Mountain pine beetle replanting plan to take 1,300 years

British Columbia's plan to replant forests killed by a severe mountain pine beetle infestation could take more than a thousand years to complete, according to recently-released figures.

The "Forests For Tomorrow" program replants about 10,000 hectares a year. At that rate, it would take 1,300 years to replace the 13 million hectares of pine decimated by the infestation.

Within the next eight years, the mountain pine beetle could kill more than three-quarters of B.C.'s marketable pine forests, almost a quarter of the province's entire volume of market timber.

B.C. NDP Forest Critic Bob Simpson says lumber companies are replanting the pine they log, but the government hasn't been doing its share on crown land.

"We are planting one tree for every two trees harvested," Simpson said. "That shows you how bad it is getting. British Columbians should be very concerned."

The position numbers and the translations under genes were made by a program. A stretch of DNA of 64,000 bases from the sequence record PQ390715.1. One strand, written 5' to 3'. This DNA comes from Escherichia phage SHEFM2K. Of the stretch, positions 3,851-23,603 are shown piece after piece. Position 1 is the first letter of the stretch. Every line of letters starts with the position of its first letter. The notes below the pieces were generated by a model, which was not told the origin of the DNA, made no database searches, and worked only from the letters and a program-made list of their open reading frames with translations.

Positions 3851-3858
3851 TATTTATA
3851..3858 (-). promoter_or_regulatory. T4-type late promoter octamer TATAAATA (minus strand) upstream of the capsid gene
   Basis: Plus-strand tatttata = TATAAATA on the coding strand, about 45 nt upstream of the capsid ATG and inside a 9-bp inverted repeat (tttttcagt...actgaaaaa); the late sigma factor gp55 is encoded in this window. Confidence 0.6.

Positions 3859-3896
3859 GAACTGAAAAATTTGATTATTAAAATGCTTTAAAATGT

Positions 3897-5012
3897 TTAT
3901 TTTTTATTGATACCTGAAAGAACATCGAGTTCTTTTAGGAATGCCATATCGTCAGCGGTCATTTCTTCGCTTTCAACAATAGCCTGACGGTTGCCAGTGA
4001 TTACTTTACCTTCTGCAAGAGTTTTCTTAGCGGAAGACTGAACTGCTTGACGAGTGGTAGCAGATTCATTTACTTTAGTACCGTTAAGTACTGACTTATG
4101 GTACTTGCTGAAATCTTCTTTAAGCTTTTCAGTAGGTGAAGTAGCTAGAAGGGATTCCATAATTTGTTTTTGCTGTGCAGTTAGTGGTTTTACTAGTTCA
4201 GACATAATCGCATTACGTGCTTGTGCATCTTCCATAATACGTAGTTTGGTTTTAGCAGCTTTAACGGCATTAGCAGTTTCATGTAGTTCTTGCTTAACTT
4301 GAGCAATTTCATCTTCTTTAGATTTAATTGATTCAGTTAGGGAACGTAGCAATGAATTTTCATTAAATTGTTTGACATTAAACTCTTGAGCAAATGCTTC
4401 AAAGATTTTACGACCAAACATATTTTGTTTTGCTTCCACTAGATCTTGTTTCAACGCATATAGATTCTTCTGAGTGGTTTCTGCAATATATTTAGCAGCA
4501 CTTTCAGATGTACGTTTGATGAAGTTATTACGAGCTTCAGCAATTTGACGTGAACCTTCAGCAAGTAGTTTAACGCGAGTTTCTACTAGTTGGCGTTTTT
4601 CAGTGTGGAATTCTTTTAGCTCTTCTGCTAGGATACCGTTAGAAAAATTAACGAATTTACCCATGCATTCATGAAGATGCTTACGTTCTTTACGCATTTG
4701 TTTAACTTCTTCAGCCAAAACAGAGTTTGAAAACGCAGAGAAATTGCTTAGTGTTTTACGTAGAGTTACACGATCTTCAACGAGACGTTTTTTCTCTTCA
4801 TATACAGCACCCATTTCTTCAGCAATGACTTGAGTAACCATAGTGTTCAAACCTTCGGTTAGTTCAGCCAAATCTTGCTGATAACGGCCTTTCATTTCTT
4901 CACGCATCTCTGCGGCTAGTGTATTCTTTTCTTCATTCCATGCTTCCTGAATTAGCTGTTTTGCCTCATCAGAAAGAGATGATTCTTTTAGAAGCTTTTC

Tree planting companies say they're also worried.

John Betts of the Western Silvicultural Contractors Association said his members expected to be planting up a storm, but the work just isn't there.

"We have a shortage of work," Betts said. "Where is the big mountain pine beetle reforestation program? It hasn't really materialized yet."

B.C.'s chief forester Jim Snetsinger agreed the trees are not being replaced, but said the government is still fighting a major infestation and is doing the best it can.

"We're certainly not replacing every tree that's being killed," Snetsinger said. "I don't know how you could go out and immediately plant 13 million hectares of land."